Trained in the French school of Data Analysis in Montpellier, Susan Holmes has been working in non parametric multivariate statistics applied to Biology since 1985. She has taught at MIT, Harvard and was an Associate Professor of Biometry at Cornell before moving to Stanford in 1998. She created the Thinking Matters class: Breaking Codes and Finding patterns and likes working on big messy data sets, mostly from the areas of Immunology, Cancer Biology and Microbial Ecology. Her theoretical interests include applied probability, MCMC (Monte Carlo Markov chains), Graph Limit Theory, Differential Geometry and the topology of the space of Phylogenetic Trees. She wrote the book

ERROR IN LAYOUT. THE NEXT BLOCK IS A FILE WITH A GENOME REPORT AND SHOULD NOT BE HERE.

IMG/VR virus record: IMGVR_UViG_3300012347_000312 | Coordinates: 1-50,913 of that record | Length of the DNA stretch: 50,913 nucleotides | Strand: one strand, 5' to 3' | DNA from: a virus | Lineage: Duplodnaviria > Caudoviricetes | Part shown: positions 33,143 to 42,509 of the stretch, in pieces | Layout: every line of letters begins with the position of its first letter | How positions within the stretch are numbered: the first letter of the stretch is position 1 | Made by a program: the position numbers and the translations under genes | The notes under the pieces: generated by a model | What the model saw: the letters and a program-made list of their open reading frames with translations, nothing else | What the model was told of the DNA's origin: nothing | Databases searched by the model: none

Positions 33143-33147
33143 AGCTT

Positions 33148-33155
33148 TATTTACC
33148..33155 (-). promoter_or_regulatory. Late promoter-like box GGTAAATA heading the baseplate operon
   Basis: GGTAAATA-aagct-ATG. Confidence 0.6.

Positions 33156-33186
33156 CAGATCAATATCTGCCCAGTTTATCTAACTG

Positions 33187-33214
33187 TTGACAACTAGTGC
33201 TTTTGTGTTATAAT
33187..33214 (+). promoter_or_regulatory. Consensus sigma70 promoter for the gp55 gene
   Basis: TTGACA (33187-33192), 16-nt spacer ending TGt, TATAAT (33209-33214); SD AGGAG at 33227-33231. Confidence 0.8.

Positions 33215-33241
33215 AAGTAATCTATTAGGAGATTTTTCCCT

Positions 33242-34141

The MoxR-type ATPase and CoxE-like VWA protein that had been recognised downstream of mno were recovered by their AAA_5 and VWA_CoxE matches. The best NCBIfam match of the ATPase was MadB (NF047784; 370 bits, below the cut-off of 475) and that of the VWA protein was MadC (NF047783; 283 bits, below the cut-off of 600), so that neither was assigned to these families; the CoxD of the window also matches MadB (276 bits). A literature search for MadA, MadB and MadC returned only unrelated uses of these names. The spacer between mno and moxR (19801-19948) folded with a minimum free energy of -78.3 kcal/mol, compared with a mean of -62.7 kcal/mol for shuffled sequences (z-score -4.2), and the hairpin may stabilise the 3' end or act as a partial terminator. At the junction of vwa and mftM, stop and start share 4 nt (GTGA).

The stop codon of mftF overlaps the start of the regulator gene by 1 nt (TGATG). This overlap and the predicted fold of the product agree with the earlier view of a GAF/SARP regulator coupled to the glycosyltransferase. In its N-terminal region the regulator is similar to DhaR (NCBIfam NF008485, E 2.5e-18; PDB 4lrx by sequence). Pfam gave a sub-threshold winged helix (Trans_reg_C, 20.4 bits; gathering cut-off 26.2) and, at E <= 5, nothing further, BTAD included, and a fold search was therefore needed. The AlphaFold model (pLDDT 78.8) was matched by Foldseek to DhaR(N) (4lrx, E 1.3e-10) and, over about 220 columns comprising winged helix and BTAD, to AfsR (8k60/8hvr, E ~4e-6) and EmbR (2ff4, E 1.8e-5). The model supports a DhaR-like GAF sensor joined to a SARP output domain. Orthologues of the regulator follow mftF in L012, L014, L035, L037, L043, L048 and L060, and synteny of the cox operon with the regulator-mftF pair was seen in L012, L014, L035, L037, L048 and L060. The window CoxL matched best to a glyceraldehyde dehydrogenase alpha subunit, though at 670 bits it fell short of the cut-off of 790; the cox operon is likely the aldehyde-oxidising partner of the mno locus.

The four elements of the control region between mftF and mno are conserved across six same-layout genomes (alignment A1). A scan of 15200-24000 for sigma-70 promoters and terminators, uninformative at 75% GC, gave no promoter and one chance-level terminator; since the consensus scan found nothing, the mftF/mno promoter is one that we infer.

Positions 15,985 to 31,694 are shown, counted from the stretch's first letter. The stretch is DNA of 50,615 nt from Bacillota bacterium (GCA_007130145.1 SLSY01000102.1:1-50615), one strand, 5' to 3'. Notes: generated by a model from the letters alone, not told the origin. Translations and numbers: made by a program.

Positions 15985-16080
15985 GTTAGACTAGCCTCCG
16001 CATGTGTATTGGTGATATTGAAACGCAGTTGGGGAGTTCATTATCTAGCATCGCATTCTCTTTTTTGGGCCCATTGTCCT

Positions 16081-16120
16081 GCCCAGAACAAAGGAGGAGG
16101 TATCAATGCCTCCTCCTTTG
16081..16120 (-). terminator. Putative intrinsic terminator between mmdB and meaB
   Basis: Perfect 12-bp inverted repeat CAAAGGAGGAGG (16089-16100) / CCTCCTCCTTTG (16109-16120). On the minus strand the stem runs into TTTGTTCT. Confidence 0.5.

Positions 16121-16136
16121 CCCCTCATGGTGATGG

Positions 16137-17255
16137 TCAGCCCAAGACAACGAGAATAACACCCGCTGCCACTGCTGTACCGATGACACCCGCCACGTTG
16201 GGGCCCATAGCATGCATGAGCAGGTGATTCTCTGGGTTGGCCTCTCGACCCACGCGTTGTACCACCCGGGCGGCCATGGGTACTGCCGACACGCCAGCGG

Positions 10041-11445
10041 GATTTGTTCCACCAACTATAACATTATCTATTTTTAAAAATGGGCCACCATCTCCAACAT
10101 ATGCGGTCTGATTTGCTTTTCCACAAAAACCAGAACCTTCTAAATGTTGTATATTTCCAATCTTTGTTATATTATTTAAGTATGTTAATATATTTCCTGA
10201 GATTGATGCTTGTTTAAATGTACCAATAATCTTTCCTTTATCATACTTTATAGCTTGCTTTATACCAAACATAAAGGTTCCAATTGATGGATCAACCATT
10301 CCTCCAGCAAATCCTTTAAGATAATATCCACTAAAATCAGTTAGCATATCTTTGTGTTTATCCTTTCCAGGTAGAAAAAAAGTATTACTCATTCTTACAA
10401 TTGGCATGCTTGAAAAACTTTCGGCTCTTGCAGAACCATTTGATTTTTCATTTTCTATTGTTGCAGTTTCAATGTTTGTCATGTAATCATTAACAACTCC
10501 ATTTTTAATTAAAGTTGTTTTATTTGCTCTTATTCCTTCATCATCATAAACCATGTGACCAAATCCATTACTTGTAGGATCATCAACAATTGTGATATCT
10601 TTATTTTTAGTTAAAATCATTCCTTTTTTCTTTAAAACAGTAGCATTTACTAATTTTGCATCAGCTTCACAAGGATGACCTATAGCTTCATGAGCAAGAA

Modern Statistics for Modern Biology with Wolfgang Huber from EMBL and teaches the material as a crash course (BIOS221) regularly every year. Her current focus is improving the statistical analyses and reproducibility of data in perturbation studies of the Human Microbiome.
Professor Holmes’ main areas of interest are computer intensive methods in data mining and multivariate statistics, especially the bootstrap.